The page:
Molecular Engineering

, Volume 6, Issue 3, pp 239–248 | Cite as

Electronic structures of donor-acceptor polymers based on polythiophene, polyfuran and polypyrrole

  • A. K. Bakhshi
  • Yoichi Yamaguchi
  • Hiroki Ago
  • Tokio Yamabe


Theoretical results on the geometric and electronic structures of some donor-acceptor polymers based on polythiophene (X=S), polyfuran (X=O) and polypyrrole (X=NH) were obtained, using a one-dimensional tight-binding self-consistent field crystal-orbital (SCF-CO) method at the MNDO-AM1 level of approximation. The repeat unit of these polymers consits of a bithiophene, furan or bipyrrole unit bridged by an electron-accepting group
. The optimized geometries of the polymers show a strong dependence on the nature of the electron donating group X. All the polymers studied are predicted to have band gap values ranging between 1 eV and 2 eV. An analysis of their π-bond order data and of the patterns of their frontier orbitals shows they have benzenoid-like electronic structures.

Key words

Electron donor-acceptor moieties crystal orbitals polythiophene polyfuran polypyrrole 


Unable to display preview. Download preview PDF.

Unable to display preview. Download preview PDF.


  1. 1.
    H. Shirakawa, E. J. Louis, A. G. MacDiarmid, C. K. Chiang, and A. J. Heeger:J. Chem. Soc. Chem. Commun. 578 (1977).Google Scholar
  2. 2.
    C. K.Chiang, C. R.FuncherJr., Y. W.Park, A. J.Heeger, H.Shirakawa, E. J.Louis, S. C.Gan, and A. G.MacDiarmid:Phys. Rev. Lett. 39, 1098 (1977).Google Scholar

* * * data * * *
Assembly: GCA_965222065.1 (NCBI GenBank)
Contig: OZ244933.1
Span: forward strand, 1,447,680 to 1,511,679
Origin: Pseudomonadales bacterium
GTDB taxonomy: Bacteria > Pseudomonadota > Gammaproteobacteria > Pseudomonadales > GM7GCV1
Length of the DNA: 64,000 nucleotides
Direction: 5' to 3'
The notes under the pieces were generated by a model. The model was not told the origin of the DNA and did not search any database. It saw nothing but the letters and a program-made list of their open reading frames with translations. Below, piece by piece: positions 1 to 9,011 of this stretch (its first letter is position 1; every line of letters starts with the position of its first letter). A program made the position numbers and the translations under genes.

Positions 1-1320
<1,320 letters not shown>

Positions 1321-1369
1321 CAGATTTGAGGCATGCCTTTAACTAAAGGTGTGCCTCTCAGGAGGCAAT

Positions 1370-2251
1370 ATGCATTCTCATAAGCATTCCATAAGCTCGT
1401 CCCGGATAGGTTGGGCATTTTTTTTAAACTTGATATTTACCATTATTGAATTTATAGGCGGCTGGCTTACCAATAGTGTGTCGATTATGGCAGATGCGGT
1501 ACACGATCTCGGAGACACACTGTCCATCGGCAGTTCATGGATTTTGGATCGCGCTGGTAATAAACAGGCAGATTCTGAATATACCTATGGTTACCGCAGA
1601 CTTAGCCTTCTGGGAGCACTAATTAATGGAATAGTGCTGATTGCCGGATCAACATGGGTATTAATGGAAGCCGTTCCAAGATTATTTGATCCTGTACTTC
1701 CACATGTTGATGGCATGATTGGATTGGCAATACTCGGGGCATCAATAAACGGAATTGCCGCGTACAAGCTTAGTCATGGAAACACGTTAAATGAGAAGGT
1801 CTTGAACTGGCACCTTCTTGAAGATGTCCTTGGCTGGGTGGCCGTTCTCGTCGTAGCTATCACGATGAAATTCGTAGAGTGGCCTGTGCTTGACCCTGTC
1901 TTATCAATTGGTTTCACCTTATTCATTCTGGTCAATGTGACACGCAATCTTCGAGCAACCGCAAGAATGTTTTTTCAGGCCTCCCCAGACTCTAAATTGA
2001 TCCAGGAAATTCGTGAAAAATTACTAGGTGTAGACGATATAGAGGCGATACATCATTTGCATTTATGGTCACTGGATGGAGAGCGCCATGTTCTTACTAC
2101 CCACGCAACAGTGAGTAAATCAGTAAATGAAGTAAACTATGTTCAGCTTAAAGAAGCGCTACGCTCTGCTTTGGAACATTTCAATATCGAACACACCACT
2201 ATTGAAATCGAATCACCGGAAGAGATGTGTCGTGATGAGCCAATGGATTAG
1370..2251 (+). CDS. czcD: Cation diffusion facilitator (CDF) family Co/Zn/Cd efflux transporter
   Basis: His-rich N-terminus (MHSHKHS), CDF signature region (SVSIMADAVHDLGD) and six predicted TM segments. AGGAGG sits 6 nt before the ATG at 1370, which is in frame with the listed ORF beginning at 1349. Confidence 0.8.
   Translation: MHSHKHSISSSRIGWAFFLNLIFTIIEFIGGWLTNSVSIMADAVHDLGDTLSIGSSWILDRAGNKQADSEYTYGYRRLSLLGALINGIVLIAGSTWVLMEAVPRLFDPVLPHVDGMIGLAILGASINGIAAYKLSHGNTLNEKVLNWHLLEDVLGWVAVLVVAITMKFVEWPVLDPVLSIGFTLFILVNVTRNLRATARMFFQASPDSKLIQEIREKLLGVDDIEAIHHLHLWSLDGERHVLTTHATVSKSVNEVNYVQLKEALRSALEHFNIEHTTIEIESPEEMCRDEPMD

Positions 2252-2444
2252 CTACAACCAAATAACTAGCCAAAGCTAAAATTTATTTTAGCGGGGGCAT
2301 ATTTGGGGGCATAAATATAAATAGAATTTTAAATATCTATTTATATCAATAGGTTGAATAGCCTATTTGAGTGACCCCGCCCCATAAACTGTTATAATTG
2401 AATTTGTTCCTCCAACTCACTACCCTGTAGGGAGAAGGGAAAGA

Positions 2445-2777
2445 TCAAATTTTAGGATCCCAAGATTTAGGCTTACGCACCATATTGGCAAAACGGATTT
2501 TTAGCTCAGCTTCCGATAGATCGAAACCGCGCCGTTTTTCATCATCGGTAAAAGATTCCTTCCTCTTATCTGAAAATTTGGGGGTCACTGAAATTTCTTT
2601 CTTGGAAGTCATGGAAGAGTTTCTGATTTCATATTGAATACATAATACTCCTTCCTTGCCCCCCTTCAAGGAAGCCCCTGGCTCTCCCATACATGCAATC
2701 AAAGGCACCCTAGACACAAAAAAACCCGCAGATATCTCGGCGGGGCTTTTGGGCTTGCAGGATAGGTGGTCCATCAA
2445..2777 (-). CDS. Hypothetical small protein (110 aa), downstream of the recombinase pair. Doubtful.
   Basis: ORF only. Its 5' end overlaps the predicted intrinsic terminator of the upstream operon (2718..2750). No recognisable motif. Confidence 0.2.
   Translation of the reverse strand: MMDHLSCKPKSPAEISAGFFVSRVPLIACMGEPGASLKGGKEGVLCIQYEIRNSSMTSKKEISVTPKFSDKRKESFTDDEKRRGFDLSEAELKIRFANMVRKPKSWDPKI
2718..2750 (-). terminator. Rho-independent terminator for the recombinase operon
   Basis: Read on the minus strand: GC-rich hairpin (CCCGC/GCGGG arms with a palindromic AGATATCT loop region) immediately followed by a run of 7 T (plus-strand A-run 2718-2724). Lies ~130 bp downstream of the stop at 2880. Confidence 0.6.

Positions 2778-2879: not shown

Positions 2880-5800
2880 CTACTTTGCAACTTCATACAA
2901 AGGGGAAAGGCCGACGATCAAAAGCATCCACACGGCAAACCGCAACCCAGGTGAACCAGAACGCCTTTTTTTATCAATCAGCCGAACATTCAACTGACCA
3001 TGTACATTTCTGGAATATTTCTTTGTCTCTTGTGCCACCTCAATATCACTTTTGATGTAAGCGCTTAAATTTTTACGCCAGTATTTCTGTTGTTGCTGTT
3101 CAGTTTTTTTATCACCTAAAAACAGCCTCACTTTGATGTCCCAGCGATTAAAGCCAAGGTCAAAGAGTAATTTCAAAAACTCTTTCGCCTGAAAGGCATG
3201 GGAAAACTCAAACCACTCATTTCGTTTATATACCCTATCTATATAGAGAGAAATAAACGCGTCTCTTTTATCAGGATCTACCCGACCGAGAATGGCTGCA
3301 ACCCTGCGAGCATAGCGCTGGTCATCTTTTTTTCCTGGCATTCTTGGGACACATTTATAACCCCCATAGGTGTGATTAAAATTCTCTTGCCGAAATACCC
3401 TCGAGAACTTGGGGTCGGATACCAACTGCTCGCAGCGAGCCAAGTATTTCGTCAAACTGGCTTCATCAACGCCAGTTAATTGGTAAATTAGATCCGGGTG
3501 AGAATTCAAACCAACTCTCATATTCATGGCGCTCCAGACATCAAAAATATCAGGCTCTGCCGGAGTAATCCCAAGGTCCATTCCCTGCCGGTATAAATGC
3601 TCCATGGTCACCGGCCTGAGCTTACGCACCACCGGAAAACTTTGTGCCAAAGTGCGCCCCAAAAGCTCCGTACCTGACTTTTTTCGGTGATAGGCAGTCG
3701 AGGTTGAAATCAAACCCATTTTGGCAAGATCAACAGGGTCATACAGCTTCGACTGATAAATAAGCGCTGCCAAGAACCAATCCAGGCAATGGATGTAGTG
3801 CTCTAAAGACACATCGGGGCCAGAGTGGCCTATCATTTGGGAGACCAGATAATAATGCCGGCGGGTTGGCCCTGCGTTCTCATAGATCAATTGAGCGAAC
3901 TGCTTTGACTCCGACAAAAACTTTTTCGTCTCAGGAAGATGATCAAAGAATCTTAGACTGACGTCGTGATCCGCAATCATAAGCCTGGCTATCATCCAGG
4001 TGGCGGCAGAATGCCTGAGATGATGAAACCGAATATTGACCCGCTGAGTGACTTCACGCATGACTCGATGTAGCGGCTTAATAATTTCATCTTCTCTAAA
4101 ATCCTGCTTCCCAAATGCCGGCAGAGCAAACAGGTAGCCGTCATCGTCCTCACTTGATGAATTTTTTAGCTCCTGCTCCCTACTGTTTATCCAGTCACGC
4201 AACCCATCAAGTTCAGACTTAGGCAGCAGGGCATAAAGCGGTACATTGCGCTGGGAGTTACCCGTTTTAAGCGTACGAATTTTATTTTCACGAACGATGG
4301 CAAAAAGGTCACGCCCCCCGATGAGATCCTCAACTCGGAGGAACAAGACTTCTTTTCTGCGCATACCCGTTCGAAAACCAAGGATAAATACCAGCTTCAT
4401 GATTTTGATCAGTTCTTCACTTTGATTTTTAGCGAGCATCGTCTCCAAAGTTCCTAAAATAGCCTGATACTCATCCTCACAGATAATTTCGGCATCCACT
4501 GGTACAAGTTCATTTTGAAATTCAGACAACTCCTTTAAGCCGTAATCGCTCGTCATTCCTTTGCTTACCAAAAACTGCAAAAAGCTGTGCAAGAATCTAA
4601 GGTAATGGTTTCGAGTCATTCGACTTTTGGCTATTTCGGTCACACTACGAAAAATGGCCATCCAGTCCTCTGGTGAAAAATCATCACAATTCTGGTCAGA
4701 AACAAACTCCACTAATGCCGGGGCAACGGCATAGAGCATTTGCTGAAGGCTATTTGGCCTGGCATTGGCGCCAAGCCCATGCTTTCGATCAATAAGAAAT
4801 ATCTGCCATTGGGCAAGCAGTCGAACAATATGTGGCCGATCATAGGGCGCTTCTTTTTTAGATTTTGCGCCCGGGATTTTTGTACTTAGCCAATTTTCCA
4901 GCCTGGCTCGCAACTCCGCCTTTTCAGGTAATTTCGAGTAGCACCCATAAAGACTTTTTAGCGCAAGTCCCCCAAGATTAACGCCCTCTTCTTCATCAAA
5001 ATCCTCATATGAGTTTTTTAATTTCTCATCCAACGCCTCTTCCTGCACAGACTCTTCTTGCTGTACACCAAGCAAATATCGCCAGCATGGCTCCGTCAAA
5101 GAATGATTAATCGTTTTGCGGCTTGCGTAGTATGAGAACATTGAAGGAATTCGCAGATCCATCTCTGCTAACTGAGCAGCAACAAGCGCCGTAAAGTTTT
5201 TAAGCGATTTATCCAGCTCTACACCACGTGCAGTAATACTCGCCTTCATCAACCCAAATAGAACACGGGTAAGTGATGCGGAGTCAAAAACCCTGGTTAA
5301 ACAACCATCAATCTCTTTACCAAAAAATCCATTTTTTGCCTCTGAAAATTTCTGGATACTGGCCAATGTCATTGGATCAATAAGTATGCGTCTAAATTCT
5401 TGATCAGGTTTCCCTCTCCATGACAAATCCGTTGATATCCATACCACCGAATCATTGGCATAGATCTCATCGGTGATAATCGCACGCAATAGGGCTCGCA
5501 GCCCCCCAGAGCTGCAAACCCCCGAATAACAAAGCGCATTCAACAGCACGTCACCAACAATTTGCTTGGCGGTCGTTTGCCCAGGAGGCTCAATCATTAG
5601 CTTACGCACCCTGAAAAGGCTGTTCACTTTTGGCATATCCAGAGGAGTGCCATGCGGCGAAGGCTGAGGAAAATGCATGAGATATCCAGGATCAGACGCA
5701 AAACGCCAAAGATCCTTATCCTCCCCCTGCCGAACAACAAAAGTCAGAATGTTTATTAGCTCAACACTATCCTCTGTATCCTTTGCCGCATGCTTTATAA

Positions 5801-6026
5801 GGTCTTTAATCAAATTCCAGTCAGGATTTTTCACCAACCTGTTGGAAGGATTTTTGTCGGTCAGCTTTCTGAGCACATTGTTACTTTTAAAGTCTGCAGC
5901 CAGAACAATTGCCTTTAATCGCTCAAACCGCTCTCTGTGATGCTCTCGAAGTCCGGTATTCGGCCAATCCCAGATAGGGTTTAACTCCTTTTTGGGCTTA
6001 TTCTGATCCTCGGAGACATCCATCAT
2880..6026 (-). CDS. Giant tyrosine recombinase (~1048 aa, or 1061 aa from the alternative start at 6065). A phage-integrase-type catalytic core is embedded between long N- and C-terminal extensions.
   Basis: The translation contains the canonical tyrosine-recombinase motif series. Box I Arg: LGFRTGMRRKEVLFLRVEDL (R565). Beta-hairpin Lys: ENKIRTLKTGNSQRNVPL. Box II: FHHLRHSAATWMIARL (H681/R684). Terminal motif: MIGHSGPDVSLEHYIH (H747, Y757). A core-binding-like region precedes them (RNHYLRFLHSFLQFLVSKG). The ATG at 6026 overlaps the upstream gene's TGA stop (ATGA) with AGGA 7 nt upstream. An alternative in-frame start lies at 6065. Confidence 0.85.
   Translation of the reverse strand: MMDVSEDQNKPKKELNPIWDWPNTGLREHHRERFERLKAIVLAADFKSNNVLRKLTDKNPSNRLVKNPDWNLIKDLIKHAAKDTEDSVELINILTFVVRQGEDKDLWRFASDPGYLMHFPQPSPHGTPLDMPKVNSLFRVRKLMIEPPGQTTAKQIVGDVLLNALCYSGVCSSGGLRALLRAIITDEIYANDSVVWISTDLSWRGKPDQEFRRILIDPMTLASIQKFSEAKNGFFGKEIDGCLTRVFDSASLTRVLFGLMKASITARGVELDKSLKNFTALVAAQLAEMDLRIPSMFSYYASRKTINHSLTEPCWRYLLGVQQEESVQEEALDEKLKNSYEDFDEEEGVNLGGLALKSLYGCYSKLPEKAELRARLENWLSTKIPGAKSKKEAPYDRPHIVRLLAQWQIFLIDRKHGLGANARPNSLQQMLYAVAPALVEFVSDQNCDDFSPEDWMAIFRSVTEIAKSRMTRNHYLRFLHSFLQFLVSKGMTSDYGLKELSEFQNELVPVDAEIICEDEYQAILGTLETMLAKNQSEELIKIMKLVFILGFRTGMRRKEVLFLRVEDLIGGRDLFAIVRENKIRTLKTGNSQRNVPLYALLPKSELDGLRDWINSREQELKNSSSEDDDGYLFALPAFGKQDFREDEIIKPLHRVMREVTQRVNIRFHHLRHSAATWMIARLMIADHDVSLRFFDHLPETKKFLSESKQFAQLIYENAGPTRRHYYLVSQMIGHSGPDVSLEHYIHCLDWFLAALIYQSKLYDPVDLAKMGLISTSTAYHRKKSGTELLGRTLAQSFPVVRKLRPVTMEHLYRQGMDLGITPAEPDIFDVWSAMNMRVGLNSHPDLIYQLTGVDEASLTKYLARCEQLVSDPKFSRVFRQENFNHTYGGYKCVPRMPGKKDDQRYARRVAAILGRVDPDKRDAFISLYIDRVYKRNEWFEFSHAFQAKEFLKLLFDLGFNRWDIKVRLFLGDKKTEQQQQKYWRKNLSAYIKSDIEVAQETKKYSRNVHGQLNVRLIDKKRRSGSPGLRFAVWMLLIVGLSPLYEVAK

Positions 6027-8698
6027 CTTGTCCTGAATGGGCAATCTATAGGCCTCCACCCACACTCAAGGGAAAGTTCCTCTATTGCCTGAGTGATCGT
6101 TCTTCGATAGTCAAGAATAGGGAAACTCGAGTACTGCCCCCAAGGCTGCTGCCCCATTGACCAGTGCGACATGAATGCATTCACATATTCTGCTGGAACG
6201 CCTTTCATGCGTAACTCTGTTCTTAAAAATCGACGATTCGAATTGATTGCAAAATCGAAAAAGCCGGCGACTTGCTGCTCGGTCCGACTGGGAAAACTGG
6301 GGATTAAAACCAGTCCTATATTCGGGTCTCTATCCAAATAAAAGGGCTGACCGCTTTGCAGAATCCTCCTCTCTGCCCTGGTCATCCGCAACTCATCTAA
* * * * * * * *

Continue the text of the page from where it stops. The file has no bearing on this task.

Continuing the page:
3. 3.
    C. K.Chiang, M. A.Druy, S. C.Gan, A. J.Heeger, E. J.Louis, A. G.MacDiarmid, Y. W.Park and H.Shirakawa:J. Am. Chem. Soc. 100, 1013 (1978).Google Scholar
  4. 4.
    See, for instance, T. A.Skotheim (Eds.):Handbook of Conducting Polymers, Marcel Dekker, New York (1986); A. K. Bakhshi,Annual Reports of the Royal Society, Section C 89, 147 (1992).Google Scholar
  5. 5.
    E. E.Havinga, W.tenHoeve, and H.Wynberg:Synth. Met. 55, 299 (1993).Google Scholar
  6. 6.
    E. E.Havinga, W.tenHoeve, and H.Wynberg:Synth. Met. 29, 119 (1992).Google Scholar
  7. 7.
    A. J. W.Toe:J. Chem. Phys. 100, 8463 (1994).Google Scholar
  8. 8.
    T. L. Lambert and J. P. Ferraris:J. Chem. Soc. Chem. Commun. 752 (1991).Google Scholar
  9. 9.
    J. P. Ferraris and T. L. Lambert:J. Chem. Soc. Chem. Commun. 1268 (1991).Google Scholar
  10. 10.
    J. M.Toussaint and J. L.Brédas:Synth. Met. 61, 103 (1993).Google Scholar
  11. 11.
    J. M.Toussaint and J. L.Brédas:Synth. Met. 69, 637 (1995).Google Scholar
  12. 12.
    J. J. P. Stewart:Quantum Chemistry Program Exchange, Program No. 455, Indiana University, Bloomington, Indiana, USA.Google Scholar
  13. 13.
    M.Kertész:Adv. Quantum Chem. 15, 161 (1982).Google Scholar
  14. 14.
    A. K. Bakhshi, Y. Yamaguchi, and T. Yamabe: unpublished results.Google Scholar

Copyright information

© Kluwer Academic Publishers 1996

Authors and Affiliations

  • A. K. Bakhshi
    • 1
    • 2
    • 3
  • Yoichi Yamaguchi
    • 2
    • 4
  • Hiroki Ago
    • 1
  • Tokio Yamabe
    • 1
    • 2
  1. 1.Division of Molecular Engineering, Faculty of EngineeringKyoto UniversityKyotoJapan
  2. 2.Institute for Fundamental ChemistryKyotoJapan
  3. 3.Department of ChemistryPanjab UniversityChandigarhIndia
  4. 4.Osaka R&D LaboratoriesSumitomo Electric Industries, Ltd.OsakaJapan

Personalised recommendations